Pathways students enjoy prom at Crowne Plaza


Dancing, family, friends and food – it doesn’t get better than that for students of any age, or ability, as students from the Pathways program of the J. Arthur Trudeau Center experienced firsthand during its second annual Pathways Prom event held Friday evening at the Crowne Plaza in Warwick.

“Hollywood: A Night in the Spotlight” was the theme, and the event served as a chance for kids aged 14 to 22 involved in the Pathways program to experience the glitz and glamour of a prom that they may not otherwise get to enjoy with their friends and family.

“I think it gives them an opportunity to socialize and have fun and hang out with their peers and family in an environment that I think is welcoming,” said Alena Marcette, director of special education for the Pathways program, which provides services and support to kids of all ages with autism and other developmental disabilities. “They typically wouldn't have this opportunity in a traditional setting.”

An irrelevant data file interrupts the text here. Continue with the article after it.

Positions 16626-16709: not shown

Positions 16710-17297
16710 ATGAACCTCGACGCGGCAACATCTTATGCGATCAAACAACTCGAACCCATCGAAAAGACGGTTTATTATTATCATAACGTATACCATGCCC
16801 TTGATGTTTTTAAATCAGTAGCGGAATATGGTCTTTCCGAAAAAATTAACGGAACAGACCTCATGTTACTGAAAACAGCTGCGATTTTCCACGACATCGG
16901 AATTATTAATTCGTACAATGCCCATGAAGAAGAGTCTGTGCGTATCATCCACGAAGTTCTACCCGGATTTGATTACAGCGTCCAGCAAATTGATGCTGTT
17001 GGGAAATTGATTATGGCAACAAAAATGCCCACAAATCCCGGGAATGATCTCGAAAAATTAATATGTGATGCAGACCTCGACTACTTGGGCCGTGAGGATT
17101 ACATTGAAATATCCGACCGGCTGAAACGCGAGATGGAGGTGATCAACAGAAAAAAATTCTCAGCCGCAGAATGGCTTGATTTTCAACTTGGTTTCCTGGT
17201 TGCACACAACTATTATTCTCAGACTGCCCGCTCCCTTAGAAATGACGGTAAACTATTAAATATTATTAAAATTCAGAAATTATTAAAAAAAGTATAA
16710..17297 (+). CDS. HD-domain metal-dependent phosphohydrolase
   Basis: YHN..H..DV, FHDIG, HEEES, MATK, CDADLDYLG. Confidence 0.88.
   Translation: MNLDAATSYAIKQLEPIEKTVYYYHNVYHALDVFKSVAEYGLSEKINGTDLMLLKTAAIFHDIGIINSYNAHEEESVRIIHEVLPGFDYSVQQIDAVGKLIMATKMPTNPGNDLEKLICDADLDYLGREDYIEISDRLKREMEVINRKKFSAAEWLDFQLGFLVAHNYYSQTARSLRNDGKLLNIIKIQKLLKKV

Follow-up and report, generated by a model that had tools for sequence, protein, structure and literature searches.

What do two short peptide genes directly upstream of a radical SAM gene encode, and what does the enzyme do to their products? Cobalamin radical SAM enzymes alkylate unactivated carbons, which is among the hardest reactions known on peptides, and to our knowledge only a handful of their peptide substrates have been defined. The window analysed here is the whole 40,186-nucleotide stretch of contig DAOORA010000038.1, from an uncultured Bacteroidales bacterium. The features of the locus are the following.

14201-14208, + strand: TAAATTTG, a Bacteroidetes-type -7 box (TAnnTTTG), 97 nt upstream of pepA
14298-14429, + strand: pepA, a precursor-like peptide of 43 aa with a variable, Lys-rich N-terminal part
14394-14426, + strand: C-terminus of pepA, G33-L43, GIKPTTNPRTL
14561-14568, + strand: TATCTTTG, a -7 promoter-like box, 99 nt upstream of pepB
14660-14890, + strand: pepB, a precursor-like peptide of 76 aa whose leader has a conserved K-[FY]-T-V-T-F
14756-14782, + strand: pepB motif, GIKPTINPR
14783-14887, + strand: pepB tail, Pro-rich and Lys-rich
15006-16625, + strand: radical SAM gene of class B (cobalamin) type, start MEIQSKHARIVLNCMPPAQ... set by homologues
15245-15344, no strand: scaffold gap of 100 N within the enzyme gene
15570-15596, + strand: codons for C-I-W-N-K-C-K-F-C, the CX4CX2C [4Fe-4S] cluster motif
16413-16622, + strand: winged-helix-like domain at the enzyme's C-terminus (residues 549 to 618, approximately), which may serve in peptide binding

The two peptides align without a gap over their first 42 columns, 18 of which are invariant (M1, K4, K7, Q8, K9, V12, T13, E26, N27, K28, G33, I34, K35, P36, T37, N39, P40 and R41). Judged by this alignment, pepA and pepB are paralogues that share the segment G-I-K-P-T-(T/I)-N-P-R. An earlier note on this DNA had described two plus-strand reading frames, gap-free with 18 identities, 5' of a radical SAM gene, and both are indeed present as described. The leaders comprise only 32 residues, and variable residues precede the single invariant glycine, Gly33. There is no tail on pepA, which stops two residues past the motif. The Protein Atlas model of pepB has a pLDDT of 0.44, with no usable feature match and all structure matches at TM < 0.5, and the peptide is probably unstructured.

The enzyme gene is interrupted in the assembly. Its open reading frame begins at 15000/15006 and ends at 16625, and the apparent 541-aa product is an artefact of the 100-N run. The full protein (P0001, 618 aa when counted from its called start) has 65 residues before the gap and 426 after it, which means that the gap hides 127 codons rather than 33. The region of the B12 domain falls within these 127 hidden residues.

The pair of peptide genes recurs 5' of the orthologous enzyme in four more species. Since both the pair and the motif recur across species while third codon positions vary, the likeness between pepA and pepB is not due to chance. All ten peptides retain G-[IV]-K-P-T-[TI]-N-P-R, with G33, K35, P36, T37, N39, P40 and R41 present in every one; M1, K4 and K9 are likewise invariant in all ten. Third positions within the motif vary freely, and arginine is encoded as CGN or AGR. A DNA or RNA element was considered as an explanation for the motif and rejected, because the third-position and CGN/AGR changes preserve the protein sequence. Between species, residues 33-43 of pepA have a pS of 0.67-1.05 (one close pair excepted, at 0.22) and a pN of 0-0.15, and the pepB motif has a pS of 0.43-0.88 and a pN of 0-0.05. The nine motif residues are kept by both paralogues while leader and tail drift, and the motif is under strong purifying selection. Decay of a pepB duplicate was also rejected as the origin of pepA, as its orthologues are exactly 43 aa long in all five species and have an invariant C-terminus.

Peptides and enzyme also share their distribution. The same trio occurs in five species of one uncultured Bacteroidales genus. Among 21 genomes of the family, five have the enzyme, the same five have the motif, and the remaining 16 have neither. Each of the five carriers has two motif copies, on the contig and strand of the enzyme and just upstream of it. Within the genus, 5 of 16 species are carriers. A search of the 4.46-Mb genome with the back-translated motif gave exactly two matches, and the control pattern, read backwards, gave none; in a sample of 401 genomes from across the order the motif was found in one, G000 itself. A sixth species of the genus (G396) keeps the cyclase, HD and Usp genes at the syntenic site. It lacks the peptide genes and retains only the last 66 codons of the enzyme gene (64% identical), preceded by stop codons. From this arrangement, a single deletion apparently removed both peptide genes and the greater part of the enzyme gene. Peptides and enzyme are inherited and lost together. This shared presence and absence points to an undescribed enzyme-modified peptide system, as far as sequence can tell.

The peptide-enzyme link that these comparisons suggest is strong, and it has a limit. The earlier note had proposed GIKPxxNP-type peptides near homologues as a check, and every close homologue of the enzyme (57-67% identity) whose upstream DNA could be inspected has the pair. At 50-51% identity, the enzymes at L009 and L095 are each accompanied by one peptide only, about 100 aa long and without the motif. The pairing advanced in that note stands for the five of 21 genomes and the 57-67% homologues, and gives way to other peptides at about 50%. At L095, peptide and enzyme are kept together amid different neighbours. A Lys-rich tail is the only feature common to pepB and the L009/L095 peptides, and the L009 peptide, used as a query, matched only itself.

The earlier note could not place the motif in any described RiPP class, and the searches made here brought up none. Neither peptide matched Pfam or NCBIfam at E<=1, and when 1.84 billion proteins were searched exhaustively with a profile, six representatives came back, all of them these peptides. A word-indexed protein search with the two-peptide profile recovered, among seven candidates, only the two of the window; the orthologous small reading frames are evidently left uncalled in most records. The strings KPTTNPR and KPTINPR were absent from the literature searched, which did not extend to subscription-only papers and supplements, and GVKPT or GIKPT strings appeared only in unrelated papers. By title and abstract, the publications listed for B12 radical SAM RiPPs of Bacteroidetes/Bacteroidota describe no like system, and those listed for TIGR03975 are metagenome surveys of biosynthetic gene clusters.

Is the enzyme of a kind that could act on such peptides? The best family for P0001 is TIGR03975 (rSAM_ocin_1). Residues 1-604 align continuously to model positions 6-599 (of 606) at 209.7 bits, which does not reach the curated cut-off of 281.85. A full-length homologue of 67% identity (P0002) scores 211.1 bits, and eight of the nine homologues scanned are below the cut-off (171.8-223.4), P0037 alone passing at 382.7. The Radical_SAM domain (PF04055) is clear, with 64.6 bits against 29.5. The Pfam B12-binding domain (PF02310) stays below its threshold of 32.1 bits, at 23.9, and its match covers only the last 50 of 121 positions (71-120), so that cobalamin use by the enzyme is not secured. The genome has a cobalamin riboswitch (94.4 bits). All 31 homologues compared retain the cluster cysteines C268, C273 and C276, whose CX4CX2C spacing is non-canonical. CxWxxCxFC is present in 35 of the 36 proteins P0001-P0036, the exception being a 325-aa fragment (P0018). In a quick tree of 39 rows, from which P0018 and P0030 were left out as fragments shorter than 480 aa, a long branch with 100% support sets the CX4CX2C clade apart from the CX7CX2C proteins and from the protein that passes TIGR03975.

Students dressed in their red carpet best, with glittering dresses and fancy bow ties galore, some took to the dance floor and others simply enjoyed a night out with their family and chaperones, taking professional photos with a golden backdrop and enjoying the Crowne’s catering.

Pathways operates out of the Trudeau Center, a nonprofit organization that for over 50 years has provided services and training throughout Southeastern New England (operating in Rhode Island, Connecticut and Massachusetts) to enrich and advance the lives of kids and young adults who are diagnosed with autism and other developmental disabilities.

“We provide services to help individuals develop more independently successful lives,” Marcette said, adding that the goal is to work towards transitioning students back to their public schools. “We work closely with districts, families and other agencies to provide the support and services they need.”

Marcette said that the Pathways program is involved with about 26 different school districts in its area of influence, and about 34 students participated in the program’s second prom event.


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